Travel + Leisure (USA)
AN EPIC JOURNEY ON THE TURKISH RIVIERA
WITH ITS UNRIVALED COMBINATION OF ANCIENT STRUCTURES, SCENIC BYWAYS, TRANQUIL VILLAGES, AND MYTHOLOGICAL TALES, THE LYCIAN WAY IN SOUTHERN TÜRKIYE IS AN EXPLORER’S DREAM.
The Lycian Life
Türkiye’s first long-distance hiking trail, the Lycian Way, offers a spectacular way to explore the magic of the Turkish Riviera. Traversing the awe-inspiring wonders of the Teke Peninsula, from the rugged coastal mountains to the rock-cut tombs dating back some 2,000 years, the trail stretches 336 miles, from Fethiye to Antalya, revealing a unique slice of the Mediterranean in modern-day Türkiye.
Planning the Journey
Considered among the most beautiful long-distance treks in the world, the Lycian Way attracts around 30,000 enthusiasts every year. Some spend about a month tackling the entire thing, while most opt for shorter, multi-day segments. The terrain combines old shepherds’ paths, mule trails, and caravan routes that require average fitness but no climbing. Non-hikers can always opt for a cruise to experience the beauty and history of the region. You can approach the walk from either direction, but a popular pick is to start in Fethiye and head towards Antalya. Either February–May or September– November are the best periods to enjoy the venture, as the weather in those months is warm and mostly dry. This is a perfect off-season destination as well, thanks to the warm winters in and around Antalya.
A Warm Welcome
Walking the Lycian Way offers memorable encounters with the locals, many of whom offer places to stay and tastes of their local cuisine along the way. Communities you come across might include the beach huts of Butterfly Valley, the yoga camps of Kabak Valley, the stylish villas of Kalkan, and the pansiyons (B&Bs) and small hotels of Kaş, Kaleköy, and Adrasan. Pitching a tent at a peaceful beach is also an option.
Tales of the Trail
Set amidst ancient lands, the Lycian Way is dotted with historic landmarks that bring this region’s incredible history to life. As an indigenous ancient Anatolian nation, Lycians were the founders of an early federative democracy known as the “Lycian League,” which comprised 23 cities that flourished during the first millennium BC. Their proportional election system inspired many Western writers and scholars, laying the groundwork for the American Constitution as well. Among the remarkable landmarks they built is the Bouleuterion (the Parliament Building) in the capital city of Patara and the breathtaking temples at the UNESCO recognized Xanthos-Letoon. The Lycians also created monumental tombs that range from rock pillars and sarcophagi to funeral chambers cut into soft limestone cliffs to resemble little houses or temples. Today, the Lycian landscape boasts hundreds of these tombs—otherworldly silhouettes greeting you throughout your journey from the tops of mountains or jutting from the harbors.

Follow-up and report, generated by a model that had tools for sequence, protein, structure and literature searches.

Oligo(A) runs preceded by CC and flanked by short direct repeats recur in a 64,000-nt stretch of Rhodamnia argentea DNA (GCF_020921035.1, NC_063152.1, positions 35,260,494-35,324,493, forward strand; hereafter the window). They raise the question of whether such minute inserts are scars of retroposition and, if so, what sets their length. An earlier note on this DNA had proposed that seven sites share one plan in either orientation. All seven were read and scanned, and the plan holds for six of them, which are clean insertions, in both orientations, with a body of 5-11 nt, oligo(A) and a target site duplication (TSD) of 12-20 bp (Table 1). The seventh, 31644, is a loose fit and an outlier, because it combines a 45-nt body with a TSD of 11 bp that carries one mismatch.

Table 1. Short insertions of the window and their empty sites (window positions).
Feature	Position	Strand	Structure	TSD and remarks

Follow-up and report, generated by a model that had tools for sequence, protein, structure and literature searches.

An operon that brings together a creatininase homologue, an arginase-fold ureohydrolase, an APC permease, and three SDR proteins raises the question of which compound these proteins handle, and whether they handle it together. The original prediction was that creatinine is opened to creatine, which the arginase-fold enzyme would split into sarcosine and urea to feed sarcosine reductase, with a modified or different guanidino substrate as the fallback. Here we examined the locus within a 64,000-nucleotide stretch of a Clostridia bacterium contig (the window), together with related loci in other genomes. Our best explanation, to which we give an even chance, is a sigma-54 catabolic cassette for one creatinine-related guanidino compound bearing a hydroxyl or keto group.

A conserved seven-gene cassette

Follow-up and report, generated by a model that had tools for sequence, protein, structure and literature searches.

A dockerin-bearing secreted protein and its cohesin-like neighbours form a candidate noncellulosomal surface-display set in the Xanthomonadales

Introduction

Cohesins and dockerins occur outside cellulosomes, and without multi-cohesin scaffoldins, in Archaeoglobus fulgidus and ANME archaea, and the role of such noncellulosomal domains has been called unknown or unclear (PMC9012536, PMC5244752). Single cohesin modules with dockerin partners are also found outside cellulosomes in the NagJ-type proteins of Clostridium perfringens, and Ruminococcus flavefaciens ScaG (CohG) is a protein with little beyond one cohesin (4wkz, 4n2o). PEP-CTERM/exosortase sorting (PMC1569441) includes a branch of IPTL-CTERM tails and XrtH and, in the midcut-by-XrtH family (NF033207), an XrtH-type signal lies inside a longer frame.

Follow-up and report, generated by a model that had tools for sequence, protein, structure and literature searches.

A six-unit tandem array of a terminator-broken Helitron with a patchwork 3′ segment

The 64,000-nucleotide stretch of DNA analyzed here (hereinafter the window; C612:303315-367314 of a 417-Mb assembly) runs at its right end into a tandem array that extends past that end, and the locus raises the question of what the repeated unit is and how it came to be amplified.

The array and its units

Dive Into History
To learn more about how Lycians lived, peruse the cultural artifacts and artworks on display at the Museum of Lycian Civilizations in Andriake, which was the port of Myra and once one of the largest ports in the Mediterranean. There, a rich collection of terracotta objects, jewelry, and fabrics are displayed in a beautifully restored old granary. When exploring the visually striking tombs of Myra, do not forget to visit the nearby St. Nicholas Church in Demre. The church is the seat of the patron saint of sailors and children, who was born in Patara in 330 AD—and is known in modern times as Santa Claus.
Close to Legends
As you approach the final leg of your journey, you’ll be greeted by Mount Tahtalı, or Mount Solyma, once considered “the seat of the gods.” At the majestic mountain’s foot, on a river mouth joining the Mediterranean, sit remains of the ancient eponymous city of Olympus. In addition to such mythical splendor, the area has for decades been a favorite of backpackers, thanks to its collection of treehouses and small inns offering eco-friendly boutique accommodations in a scenic valley and along the Çıralı coast. If you wish to get even closer to the heart of legends, trekking up to Yanartaş, or Burning Rock, after sundown is a must. This cluster of flames emanating from the rocky slopes of Mount Solyma is an amazing natural phenomenon, one that has inspired several myths. It is believed when the heroic Bellerophone rode his winged horse Pegasus to defeat the fire-breathing monster Chimera, he turned his foe into the rock here. Today it serves as a popular and easily accessible sunset spot—one that perfectly encapsulates the overall serenity of the Lycian land and a day’s adventure well lived.
HIKING NOT YOUR THING? TRY ONE OF THESE EXCELLENT EXPLORING OPTIONS:
Another way to explore the Turkish Riviera’s Lycian history and amazing natural terrain is on one of the mini-cruise journeys departing from the ports of Fethiye, Kaş, or Antalya. Alternatively, you can join week-long adventure tours that combine unforgettable activities like sea kayaking near Kekova Island and the sunken city of Simena with canyoning in the Taurus Mountains, scuba diving in Kaş, or mountain biking or trekking along secluded sections of the Lycian Way. These activities offer an invigorating athletic experience all while reducing your carbon footprint.